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This chapter is devoted to the basic aspects of Declining autopsy rate throughout world in the recent times various such methods as are available in a modern pathology is owing to the following reasons: laboratoryranging from the basic microscopy to the most 1. Surgical pathology is the form of clinical teaching activity in medical institutions classic and time-tested method of tissue diagnosis made on worldwide. There is still no substitute for a careful postmortem As discussed already, surgical pathology made a examination which enlightens the clinician about the patho beginning from pathologic study of tissues made available at genesis of disease, reveals hazardous effects of therapy autopsy. Surgeons of old times relied solely on operative or administered, and settles the discrepancies finally between gross findings and, thereafter, discarded the excised tissues, antemortem and postmortem diagnosis. However, with technology autopsy, either of which may be followed: development and advances made in the dye industry in the 1. In conditions where multiple organs are expected to be In the beginning, this task was assigned to a surgeon involved, complete autopsy should be performed. But if a faculty member in the surgery departments who was particular organ-specific disease is suspected, a mini-autopsy appropriately called surgical pathologist. The main neuropathology, haematopathology, dermatopathology, purposes of autopsy are as under: gynaecologic pathology cytopathology, paediatric pathology, 1. Education of the entire team involved in patientcare by: Surgical pathology services in any large hospital depend i) making autopsy diagnosis of conditions which are often largely on inputs from surgeons and physicians familiar with missed clinically. Thus it is embolism, acute pancreatitis, carcinoma prostate; vital that clinician and pathologist communicate freely ii) discovery of newer diseases made at autopsy. The body of the request form must contain the entire relevant infor mation about the case and the disease (history, physical and operative findings, results of other relevant biochemical/ haematological/radiological investigations, and clinical and differential diagnosis) and reference to any preceding cytology or biopsy examination done in the pathology services. For routine tissue processing by paraffin-embedding technique, the tissue must be put in either appropriate fixative solution (most commonly 10% formol-saline or 10% buffered formalin) or received fresh-unfixed. Gross examination of the specimen received In order to avoid contamination of the laboratory with in the laboratory is the next most important step. Proper gross vapours of formalin and alcohols, vacuum tissue processors tissue cutting, gross description and selection of representative having closed system are also available. The entire process of enough and that may delay the report, or if the biopsy is small embedding of tissues and blocking can be temperature and lost in processing the entire surgical procedure for controlled for which tissue embedding centres are available biopsy may have to be done again. The blocks are then trimmed followed by sectioning stations have inbuilt system for recording gross description by microtomy, most often by rotary microtome, employing through dictaphone without the aid of an assistant to write either fixed knife or disposable blades (Fig. Some laboratories have a protocol of doing gross specimen Cryostat or frozen section eliminates all the steps of tissue photography and specimen radiography, before and after processing and paraffin-embedding. Sections are then to remove the mineral and soften the tissue by treatment with ready for staining. Frozen section is a rapid intraoperative decalcifying agents such as acids and chelating agents (most diagnostic procedure for tissues before proceeding to a major often aqueous nitric acid). Tissue cassettes along with unique number given in the gross room to the tissue sample is carried throughout laboratory procedures. Paraffin-embedded sections are routinely stained with haematoxylin and eosin (H & E). The final and the most important task of pathology laboratory is issuance of a prompt, accurate, brief, and prognostically significant report. The ideal report must contain five aspects: i) History (as available to the pathologist including patients identity). An internal quality control by mutual discussion in controversial cases and self-check on the quality of sections radical surgery. Besides, it is also used for demonstration of can be carried out informally in the set up. Presently, external certain constituents which are normally lost in processing quality control programme for the entire histopathology in alcohol or xylene. Currently, problem of allegations of negligence and malpractice in histopathology have started coming just as with other clinical disciplines. In equivocal biopsies and controversial cases, it is desirable to have internal and external consultations. Besides, the duties of sensitive reporting work should never be delegated unless the superior is confident that the delegatee has sufficient experience and ability. H & E staining is routinely used to diagnose microscopically vast majority of surgical specimens. However, in certain special circumstances when the pathologist wants to demonstrate certain specific substances or constituents of the cells to confirm etiologic, histogenic or pathogenetic components, special stains (also termed histochemical stains), are employed. The staining depends upon either physical or chemical or differential solubility of the stain with the tissues. The principles of some of the staining procedures are well known while those of others are unknown. Van Giesons Extracellular collagen Picric acid, acid Nuclei: blue/black fuchsin, celestin blue Collagen: red haemalum Other tissues: yellow 8. Massons trichrome Extracellular collagen Acid fuchsin, phospho Nuclei: blue/black molybdic acid, methyl Cytoplasm, muscle, blue, celestin blue red cells: red haemalum Collagen: blue 9. Verhoeffs elastic Elastic fibres Haematoxylin, Elastic fibres: black Ferric chloride, iodine, Other tissues: counter-stained potassium iodide 11. Gordon and Sweets Reticular fibres Silver nitrate Reticular fibres: black Nuclei: black or counterstained D. Oil red O Fats Oil red O Mineral oils: red (unfixed cryostat) Unsaturated fats, phospholipids: pink 13. Sudan black B Fats (unfixed cryostat) Sudan black B Unsaturated fats: blue black 14. Osmium tetroxide Fats Osmium tetroxide Unsaturated lipids: brown black (unfixed cryostat) Saturated lipids: unstained E. Grams Bacteria Crystal violet, Lugols Gram-positive, keratin, fibrin: blue (cocci, bacilli) iodine, neutral red Gram-negative: red 16. Ziehl-Neelsens Tubercle bacilli Carbol fuchsin, methylene Tubercle bacilli, hair (Acid-fast) blue (differentiate shaft, actinomyces: red in acid-alcohol) Background: pale blue 17. Fite-Wade Leprosy bacilli Carbol fuchsin, methy Lepra bacilli: red lene blue (decolorise in Background: blue 10% sulfuric acid) 18. Grocotts silver Fungi Sodium tetraborate, Fungi, Pneumocystis: black methanamine silver nitrate, Red cells: yellow methanamine Background: pale green 19. Luxol fast blue Myelin Luxol fast blue, Myelin: blue/green cresyl violet Cells: violet/pink 22. Perls Prussian blue Haemosiderin, iron Potassium ferrocyanide Ferric iron: blue Nuclei: red 24. Masson-Fontana Melanin, argentaffin cells Silver nitrate Melanin, argentaffin, chromaffin, lipofuscin: black Nuclei: red 25. Pigment extraction Removal of formalin pig Alcoholic picric acid Formalin pigment/malarial ment and malarial pigment pigment: removed 29. In general, there are two types of light microscopes: Enzyme histochemical techniques require fresh tissues for cryostat section and cannot be applied to paraffin-embedded Simple microscope. This has a battery of lenses which diagnostic applications and not so popular, partly due to are fitted in a complex instrument. One type of lens remains requirement of fresh tissues and complex technique, and near the object (objective lens) and another type of lens near partly due to relative lack of specificity of reaction in many the observers eye (eye piece lens). The eyepiece and objective cases, and hence have been largely superseded by immuno lenses have different magnification. The compound histochemical procedures and molecular pathology microscope can be monocular having single eyepiece or techniques. Multi-headed Presently, some of common applications of enzyme microscopes are used as an aid to teaching and for histochemistry in diagnostic pathology are in demonstration demonstration purposes. The microorganisms are illuminated by an oblique ray of light which does not pass through the microorganism. Microscope is the basic tool of the pathologist just as is the stethoscope for the physician and speculum for gynaecologist. This method is used for demonstration It is an instrument which produces greatly enlarged images of birefringence. A variety of filters are used between the source of light and objective: first, heat absorbing filter; second, red-light stop filter; and third exciter filter to allow the passage of light of only the desired wavelength. On passing through the specimen, light of both exciting and fluorescence wavelength collects. Exciter light is removed by another filter called barrier filter between the objective and the observer to protect the observers eyes so that only fluorescent light reaches the eyes of observer. Dark-ground condenser is used in fluorescence microscope so that no direct light falls into the object and instead gives dark contrast background to the fluorescence. There are two types of fluorescence techniques both of which are performed on cryostat sections of fresh unfixed tissue: direct and indirect. In the direct technique, first introduced by Coons (1941) who did the original work on immunofluorescence, antibody against antigen is directly conjugated with the fluorochrome and then examined under fluorescence microscope. In the indirect technique, also called sandwich technique, there is interaction between tissue antigen and specific anti body, followed by a step of washing and then addition of fluorochrome for completion of reaction. Two discs made up of prism are placed in the path of for the following purposes: light, one below the object known as polariser and another 1. In renal diseases for detection of deposits of immuno Immunofluorescence technique is employed to localise globulins, complement and fibrin in various types of antigenic molecules on the cells by microscopic examination. In skin diseases to detect deposits of immunoglobulin by antigenic site which is made visible by employing a frozen section, particularly at the dermo-epidermal junction fluorochrome which has the property to absorb radiation in and in upper dermis. For study of mononuclear cell surface markers using mono the immunofluorescent method has the following clonal antibodies. In renal pathology in conjunction with light microscopy used as source of light for fluorescence microscopy. Subsequently, immunoperoxidase technique employing labelled antibody method to formalin-fixed paraffin sections was 3. Semithin sections guide in making the reagent is pre-formed stable immune-complex which is linked differential diagnosis and in selecting the area to be viewed to the primary antibody by a bridging antibody. For ultrastructural examination, in which biotinylated secondary antibody serves to link the ultrathin sections are cut by use of diamond knife. In order to primary antibody to a large preformed complex of avidin, increase electron density, thin sections may be stained by biotin and peroxidase. Generally, a panel of antibodies is preferable over a single test to avoid errors. Both these tumours are about a revolution in approach to diagnosis of tumours of under the growth regulation of hormonesoestrogen and uncertain origin, primary as well as metastatic from an androgen, respectively. A panel of antibodies is chosen regulating hormones are located on respective tumour cells. Helicobacter pylori), and Tumour Immunostain parasites (Pneumocystis carinii) etc. The dividing cells are techniques employ hybridization (meaning joining together) then arrested in metaphase by the addition of colchicine or technique based on recombinant technology. Subsequently, the cells are lysed by adding is a chain of nucleotides consisting of certain number of known hypotonic solution. Probes are of different sizes and sources as under: the metaphase cells are then fixed in methanol-glacial 1. Oligonucleotide probe is a synthetic probe contrary to property of forming alternating dark and light bands. Following is a brief account of various molecular techniques c) Constitutive banding or C-banding is used to demonstrate available as diagnostic tool in surgical pathology: constitutive heterochromatin. The pairs of chromosomes are identified the end-product of hybridisation is visualised by radioactive by the arm length of chromosomes. The centromere divides labelled probe (32P, 125I), or non-radioactive-labelled probe the chromosome into a short upper arm called p arm (p for. Currently, molecular cytogenetic analysis and charac ii) In human tumours for detection of gene expression and terisation of chromosomes is possible by the revolutionary oncogenes. Southern is the name of scientist who described iii) Cancer is characterised by multiple and complex chromo Southern blot technique). In view of high degree of specificity and solid tissues homgenised to make into cell suspensions. Flow cytometric analysis finds uses in clinical techniques have widespread applications in diagnostic practice in the following ways: pathology: 1. Immunophenotyping by detailed antigenic analysis of i) In neoplasia, haematologic as well as non-haematologic. This is the oldest but still widely used and yields large accumulation of the target sequence since method in routine diagnostic pathology work. The number each newly generated product, in turn, acts as template in of cells in mitosis are counted per high power field. In this method, the proliferating cells filter hybridisation techniques and has many advantages over are labelled in vitro with thymidine and then the tissue them in being more rapid, can be automated by thermal processed for paraffin-embedding. The nuclear antigen specific for perties of cells suspended in a single moving stream. Flow cell growth and division is stained by immunohistochemical cytometry, thus, overcomes the problem of subjectivity method and then positive cells are counted under the involved in microscopic examination of cells and tissues in microscope or by an image analyser. Flow cytometer has a laser-light source for fluorescence, cell transportation system in a single stream, monochromatic 5.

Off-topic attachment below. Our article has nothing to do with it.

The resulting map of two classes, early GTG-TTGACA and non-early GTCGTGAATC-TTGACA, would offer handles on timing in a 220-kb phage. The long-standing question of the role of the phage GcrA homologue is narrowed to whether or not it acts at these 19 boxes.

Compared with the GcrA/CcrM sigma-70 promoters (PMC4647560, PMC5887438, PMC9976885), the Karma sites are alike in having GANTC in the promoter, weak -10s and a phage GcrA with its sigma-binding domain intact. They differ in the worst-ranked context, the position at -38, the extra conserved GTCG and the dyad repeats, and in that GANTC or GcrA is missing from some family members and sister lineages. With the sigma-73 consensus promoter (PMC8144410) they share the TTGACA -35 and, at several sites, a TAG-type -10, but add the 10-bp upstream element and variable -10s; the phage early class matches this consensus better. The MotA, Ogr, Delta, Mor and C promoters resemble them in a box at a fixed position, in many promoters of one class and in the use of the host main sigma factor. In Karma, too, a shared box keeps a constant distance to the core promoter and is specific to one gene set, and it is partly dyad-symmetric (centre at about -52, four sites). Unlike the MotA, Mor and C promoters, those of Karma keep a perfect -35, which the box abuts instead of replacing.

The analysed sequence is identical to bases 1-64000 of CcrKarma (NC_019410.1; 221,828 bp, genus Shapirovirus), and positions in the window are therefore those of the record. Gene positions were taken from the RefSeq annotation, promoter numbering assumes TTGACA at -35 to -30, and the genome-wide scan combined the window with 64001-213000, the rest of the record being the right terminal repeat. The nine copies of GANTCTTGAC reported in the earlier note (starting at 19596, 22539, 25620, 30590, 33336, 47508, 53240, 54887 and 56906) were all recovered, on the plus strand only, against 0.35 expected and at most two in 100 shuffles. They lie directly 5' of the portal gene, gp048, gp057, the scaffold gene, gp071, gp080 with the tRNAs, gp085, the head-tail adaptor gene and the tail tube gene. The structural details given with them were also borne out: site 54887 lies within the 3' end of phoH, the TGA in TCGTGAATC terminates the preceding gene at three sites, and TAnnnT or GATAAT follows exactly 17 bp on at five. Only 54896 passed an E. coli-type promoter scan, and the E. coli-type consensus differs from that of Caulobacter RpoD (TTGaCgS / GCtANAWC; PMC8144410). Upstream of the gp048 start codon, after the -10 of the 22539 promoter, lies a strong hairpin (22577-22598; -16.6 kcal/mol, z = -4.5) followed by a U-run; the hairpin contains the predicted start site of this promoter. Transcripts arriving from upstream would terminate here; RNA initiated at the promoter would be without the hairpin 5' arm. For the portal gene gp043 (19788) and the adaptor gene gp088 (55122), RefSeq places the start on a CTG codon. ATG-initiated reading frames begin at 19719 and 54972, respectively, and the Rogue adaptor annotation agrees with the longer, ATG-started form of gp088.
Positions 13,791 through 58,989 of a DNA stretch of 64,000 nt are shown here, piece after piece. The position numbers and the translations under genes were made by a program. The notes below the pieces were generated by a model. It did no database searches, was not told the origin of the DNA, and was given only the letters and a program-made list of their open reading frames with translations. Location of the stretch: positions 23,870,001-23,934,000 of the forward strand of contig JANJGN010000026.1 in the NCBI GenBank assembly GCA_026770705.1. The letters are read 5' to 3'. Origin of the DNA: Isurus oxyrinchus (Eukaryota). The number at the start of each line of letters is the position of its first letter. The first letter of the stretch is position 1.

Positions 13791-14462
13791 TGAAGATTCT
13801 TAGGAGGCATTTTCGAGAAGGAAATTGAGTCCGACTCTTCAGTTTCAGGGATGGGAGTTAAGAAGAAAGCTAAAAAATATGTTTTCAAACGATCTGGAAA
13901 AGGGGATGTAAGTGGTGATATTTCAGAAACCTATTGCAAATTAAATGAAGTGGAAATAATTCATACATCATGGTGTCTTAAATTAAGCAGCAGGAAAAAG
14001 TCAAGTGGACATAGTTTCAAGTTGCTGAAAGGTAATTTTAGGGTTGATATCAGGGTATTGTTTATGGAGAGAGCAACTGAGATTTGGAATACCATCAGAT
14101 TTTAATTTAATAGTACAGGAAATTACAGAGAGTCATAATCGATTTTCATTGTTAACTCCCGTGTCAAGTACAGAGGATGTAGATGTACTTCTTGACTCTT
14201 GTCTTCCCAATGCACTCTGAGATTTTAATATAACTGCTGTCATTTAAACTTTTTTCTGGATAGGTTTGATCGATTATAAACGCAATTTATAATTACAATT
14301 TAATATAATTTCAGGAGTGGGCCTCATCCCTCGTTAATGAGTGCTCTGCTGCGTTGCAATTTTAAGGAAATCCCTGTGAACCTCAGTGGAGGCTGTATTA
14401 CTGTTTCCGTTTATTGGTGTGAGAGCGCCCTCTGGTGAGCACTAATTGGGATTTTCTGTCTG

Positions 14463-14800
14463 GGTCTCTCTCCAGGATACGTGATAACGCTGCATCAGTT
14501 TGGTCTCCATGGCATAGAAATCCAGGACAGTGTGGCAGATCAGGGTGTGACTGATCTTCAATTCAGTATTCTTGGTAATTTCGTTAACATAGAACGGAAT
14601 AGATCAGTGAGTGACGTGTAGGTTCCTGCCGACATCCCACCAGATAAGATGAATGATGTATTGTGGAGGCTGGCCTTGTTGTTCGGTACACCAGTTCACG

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Additional prognostic factors in invasive breast cancer include: Clinical features vascular invasion by the tumour signi es a the majority of patients with invasive carcinoma poor prognosis medicine organizer box generic mesalamine 400mg, even in the absence of nodal will present with a lump in the breast medicine 1700s order mesalamine 400mg with amex. Other fea involvement; tures that warrant urgent investigation include 304 the breast altered breast contour medicine cabinet with lights buy genuine mesalamine, recent nipple inversion medicine 513 buy mesalamine 400 mg overnight delivery, Table 35 symptoms 6 days post embryo transfer generic mesalamine 400 mg without prescription. Any evidence of nipple inversion or T0 No evidence of primary tumour eczema should be noted symptoms meningitis buy discount mesalamine 400 mg. Any lump dimension should be carefully examined for evidence of T2 Tumour >2cm and <5cm in skin or muscle xation and the clinical size greatest dimension and position in relation to the nipple noted. Large, T3 Tumour >5cm in greatest dimension rm nodes in the axilla may suggest metastatic T4 Tumour of any size with skin or disease. In patients with suspected tumours, chest wall involvement liver palpation and chest auscultation should be performed. In the vast majority of N3 Metastasis to ipsilateral internal thoracic (mammary) nodes cases the diagnosis has been con rmed prior to surgery. A cylinder of breast tissue any of the four nodes are positive for tumour, is excised down to the pectoral muscle in order then further treatment is necessary by axillary to achieve complete excision (clear resection radiotherapy or surgical clearance of the margins). Postoperative radiotherapy to the axilla, removing all nodes lateral and deep to breast is routine after such a procedure. It is usually combined with reconstructive surgery to Breast reconstruction does not appear to impede restore the breast contour. Axillary surgery is the ability to detect local recurrence and may be performed at the same time. It may be performed of mastectomy and axillary clearance avoids either at the time of mastectomy or as a delayed the need for postoperative radiotherapy in procedure. The combination of skin-sparing mas most cases, although this depends on axillary tectomy and immediate breast reconstruction has node status and tumour size and grade. The possibility of immediate breast reconstruc Surgical treatment of invasive ductal or tion should be discussed with suitable patients lobular carcinoma prior to mastectomy. The choice of reconstruction for an individual patient will depend on several the aims of surgery are to remove the primary factors, including breast size, the adequacy of skin tumour and involved lymph nodes, to determine aps, whether radiotherapy is planned or has pre prognosis and to plan systemic therapy. Small viously been used, abdominal size and previous tumours (<3cm) may be suitable for breast abdominal operations, the patients concern conserving surgery (wide local excision). Typical tumours (>3cm), central tumours or multifocal reconstructions involve the use of myocutaneous tumours require mastectomy with or without aps of latissimus dorsi or rectus abdominis, aug breast reconstruction (see below). Adjuvant systemic therapy using cytotoxic agents Surgical management of the axilla and/or endocrine therapy improves survival, with greatest bene t in those women at greatest risk of Axillary node status is the most important prog relapse. As a result, axillary surgery should be per based on known prognostic factors that predict formed on all patients with invasive operable relapse and survival, including node status, histo breast cancer, but is not generally required for in logical grade and tumour size, oestrogen receptor situ disease. The 10 year survival is now 72%, with 64% of all A suggested outline for adjuvant systemic women surviving for 20 years as compared with therapy is as follows: 44% in the 1980s. These gures are likely to improve with recent advances in hormone therapy, 1 Premenopausal women. For the majority of these patients, b Intermediate/high risk disease: the initial management will be non-surgical. Following majority of these patients subsequently proceed breast-conserving surgery, such as wide local to surgery and/or radiotherapy. Radiotherapy is incision for invasive cancer, radiotherapy not recommended as sole treatment for local signi cantly reduces the risk of recurrence control of advanced disease but may be an option within the breast. In premenopausal women receiving adjuvant chemotherapy, In ammatory breast cancer postmastectomy radiotherapy may also improve survival. The factors associated In ammatory breast cancer is rare, representing with a high risk of local recurrence are only 2% of breast cancers. The breast appears tumour size, high grade, nodal involvement, swollen, red, rm and warm to touch, all cardinal lymphatic invasion and involvement of features of in ammation. After all forms of phatics in the breast, and mastectomy is usually axillary surgery, the decision as to whether the required. It is an aggressive disease associated axilla should be irradiated represents a balance with 5 and 10 year survival rates of the order of between the risks of recurrence and the risk of 50% and 30%, respectively. After axillary sampling, the axilla chemotherapy, surgery and chest wall radiother should be irradiated only if node positive or apy is accepted as achieving the highest local inadequately sampled. For advanced disseminated disease, chemotherapy can produce reasonable palliation. These will usually be elderly patients, and some may have locally advanced tumours. The princi ples of management are closer to those for meta static disease, the aim of therapy being to control Pagets disease of the primary tumour while maintaining the best the nipple quality of life. Presentation Metastatic disease Paget s 7 disease of the nipple occurs in middle aged and elderly women. It presents as a unilateral the aim of treatment is to relieve symptoms red, bleeding, eczematous lesion of the nipple and while maintaining the highest quality of life. Histologically, the epithelium patients with metastatic disease should be consid of the nipple is thickened, with multiple clear ered for some form of systemic therapy. Hormone malignant Paget cells with small dark staining therapy is less toxic than chemotherapy and is nuclei; these are hydropic malignant cells. As the disease breast carcinoma detected on clinical or radiologi progresses patients may require referral to pallia cal investigation. Surgical management includes tive care specialists for control of symptoms and mastectomy and axillary surgery for lesions asso to augment support for patients and carers. In the absence of invasive disease, or if a small central tumour lies Carcinoma of the male breast close to the nipple, cone excision of the nipple and underlying tissue followed by breast radiotherapy this accounts for less than 1% of all cases of breast may be considered. In men, breast cancer affects an older age group, with a peak incidence at 60 years. Clinically, it usually presents as a rm, painless, subareolar lump, although gynaecomastia, breast Breast screening tenderness and nipple discharge may also be present. Microscopically, it is usually a ductal car A number of trials have demonstrated a reduction cinoma, and is quite advanced at presentation. As so little skin is cancers tend to be smaller and node negative with available, it may be necessary to perform recon an increasing detection rate of in situ disease. For in situ disease, 3 yearly mammographic screening and there are simple mastectomy will suf ce. Recent evidence suggests that probably because of the sparse amount of breast the screening programme is now contributing to tissue present, which allows rapid dissemination reductions in breast cancer mortality rates in the of the growth into the regional lymphatics. He also described diseases of the bone and penis, overall survival; most tumours respond to and discovered the parasite of trichinosis in humans while a rst tamoxifen, which is therefore given as adjuvant year medical student. That a branchial cyst is a remnant of the Chapter 37, and the parathyroids in Chapter 38. A second branchial arch has been questioned, based summary of the possible causes of a lump in the on the observation that the cysts are lined with neck is given in Box 36. This countertheory suggests that the cyst arises from cystic degeneration of lymphoid tissue in the neck and is thus better termed a lateral cer Branchial cyst and sinus vical cyst. Anatomy Clinical features There are six arches and ve clefts in the branchial A branchial cyst usually presents in early adult life system (Figure 36. The rst arch forms the lower and forms a soft swelling like a half lled hot face, its external cleft the external auditory meatus, water bottle, which bulges forward from beneath and its internal cleft the eustachian tube. It second arch grows down over the third and fourth is lined by squamous epithelium and contains arches to form the skin of the neck. It there is no external cleft, while the internal cleft often presents following an upper respiratory tract forms the tonsillar fossa. Clinical diagnosis can be clinched by aspirating a few drops of this uid from the cyst Aetiology and demonstrating cholesterol crystals under the microscope. Occasionally, the cyst may become Persistence of remnants of the second branchial infected. The external cleft remnants open gland of the neck or from an acute just anterior to the sternocleidomastoid, at the lymphadenitis. A branchial sinus presents as a small ori ce, dis charging mucus, which opens over the anterior border of the sternocleidomastoid in the lower Lecture Notes: General Surgery, 12th edition. The side of the With a general decline in tuberculosis, this once neck is an excellent example of this exercise. Cervical nodes are usually secondarily involved from a tonsillar primary focus, although Lymph nodes the adenoids or even the dental roots may occa Infective sionally be the primary source of infection. The organisms may be human or bovine, and occa Malignant sionally the disease is secondary to active pulmo the lymphomas, lymphatic leukaemia (Chapter nary infection. Lymphatics Clinical features Cystic hygroma Artery At rst, the nodes are small and discrete; then, as they enlarge, they become matted together and Carotid body tumour caseate, and the abscess so formed eventually Carotid artery aneurysm bursts through the deep fascia into the subcutane ous tissues. This results in one pocket of pus deep Salivary glands to and one super cial to the deep fascia, both con Submandibular salivary tumours or sialectasis nected by a small track: a collar stud abscess. Left Tumour in the lower pole of the parotid gland untreated, this discharges onto the skin, resulting in a chronic tuberculous sinus. Pharynx Pharyngeal pouch Differential diagnosis Branchial arch remnant Solid nodes must be differentiated from acute Branchial cyst lymphadenitis, one of the lymphomas or sec ondary deposits. The breaking down abscess Bone must be differentiated from a branchial cyst (see Cervical rib above). Diagnosis may be assisted by an X-ray of the neck; usually, the chronic tuberculous nodes show ecks of calci cation. The sinus extends upwards between the internal and exter A full course of antituberculous chemotherapy is nal carotid arteries to the sidewall of the pharynx. Small nodes are treated conservatively and It may open into the tonsillar fossa (which repre the patient is kept under observation. If the patient presents with a collar stud abscess, the pus is evacuated, a search made for the hole penetrating through the deep Treatment fascia, and the underlying caseating node evacu Surgical excision is required. Carotid body tumour (chemodectoma) Special investigations Duplex ultrasound gives precise localization of Pathology the tumour and its relation to the carotid and its bifurcation. Also called carotid glomus tumours or paragangli Arteriography shows the carotid bifurcation to onomas, these are slow-growing tumours that be splayed open by the mass and the rich arise from the chemoreceptor cells in the carotid vascularity of the tumour is demonstrated. Most behave in a Magnetic resonance imaging and computed benign fashion; in a few patients, the tumour tomography show the tumour and its relation becomes locally invasive and may metastasize. Macroscopically, it is a lobulated, yellowish tumour closely adherent to the internal and exter nal carotid arteries at the bifurcation. Treatment Microscopically, it is made up of large chromaf It is often possible to dissect the tumour away n polyhedral cells in a vascular brous stroma. If the carotid vessels are rmly involved, resection can be performed with Clinical features graft replacement of the artery. In the elderly, these slow-growing tumours can the tumour presents as a slowly enlarging mass in be left untreated, or treated with local radiother a patient over the age of 30 years, which transmits apy (the Gamma knife ). The mass itself may be so 37 the thyroid Learning objectives To know the embryological course of the thyroid and related remnants. Embryology the thyroid gland forms as a diverticulum origi Thyroglossal cyst nating in the oor of the pharynx, and descends through the tongue, past the hyoid, to its position A thyroglossal cyst forms in the embryological in the neck. The diverticulum usually closes, remnants of the thyroid and presents as a uctu leaving a pit at the base of the tongue (the foramen ant swelling in or near the midline of the neck. It caecum, which lies in the midline at the junction is diagnosed by its characteristic physical signs. Failure of the thyroid to descend or 1 It moves upwards when the patient protrudes incomplete descent of the track may result in the tongue, because of its attachment to the ectopic thyroid tissue (Figure 37. In all cases of unexplained attachment to the larynx by the pretracheal midline nodules in the neck, thyroid tissue should fascia. A radioiodine scan should be per formed to ensure that there is normal thyroid Treatment tissue present in the correct place before the lump Such cysts should be removed surgically, together is removed. Such a patient presents with a lump at the foramen Thyroglossal stula caecum of the tongue. This is termed a lingual this presents as an opening onto the skin in the line of the thyroid descent, in the midline of the Lecture Notes: General Surgery, 12th edition. The track runs in close Iodine in the diet is absorbed into the blood relationship to the body of the hyoid; therefore, stream as iodide, which is taken up by the thyroid this should be removed in addition to the stula. After entering the follicle, the iodide is con Dissection is continued up to the region of the verted into organic iodine, which is then bound foramen caecum of the tongue. The colloid within the thyroid vesicles is composed of thyroglobulin, which is synthesized in the follicu Thyroid physiology lar cells, and T3 and T4. These hormones are released into the bloodstream after being sepa the thyroid gland is concerned with the synthesis rated from thyroglobulin within the follicular cells. Some follicles are lined with hyperactive epithelium and others secretion with attened atrophic cells. Some contain no the immediate control of synthesis and liberation colloid, others an excessive amount. Nodular secreted in response to the level of thyroid hor goitres may produce a normal amount of T4, but mones in the blood by a negative feedback mecha sometimes excessive T4 production results in nism. The thyroid is usually enlarged, irregular and Pharmacological control of nodular and, although one lobe often predomi secretion nates at presentation, the condition does affect the entire gland. The production of thyroid hormones can be inhib ited by the thiouracils and carbimazole, which Symptoms block the binding of iodine but do not interfere with the uptake of iodide by the gland. Although the enlarging thyroid can produce a number less T3 and T4 is produced, the thyroid gland tends of pressure symptoms including dysphagia, to become large and vascular with treatment by breathlessness, orthopnoea, hoarseness and facial these drugs. High doses of iodide given to patients with excessive thyroid hormone production result in an Investigation of multinodular goitre increase in the amount of iodine-rich colloid, and a diminished liberation of thyroid hormones; the Patients require two speci c investigations: gland also becomes less vascular. Thiocyanates prevent the thyroid gland retrosternal extension, and to identify the from taking up iodide. It includes colloid goitre forward (especially retrosternal extension) (see below) and the hyperplasia of Graves disease Orthopnoea: owing to the weight of the gland but the commonest cause is multinodular goitre. The characteristics of an enlarged thyroid are a Haemorrhage into a cyst, producing pain and mass in the neck on one or both sides of the increased swelling (which may produce trachea, which moves on swallowing, since it is sudden tracheal compression).

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References:

  • https://www.astrazeneca.com/content/dam/az/PDF/2019/q3/Year-to-date_and_Q3_2019_Results_clinical_trials_appendix.pdf
  • https://dev.org.es/journal/order-online-celexa/
  • https://nam.edu/wp-content/uploads/2019/12/AI-in-Health-Care-PREPUB-FINAL.pdf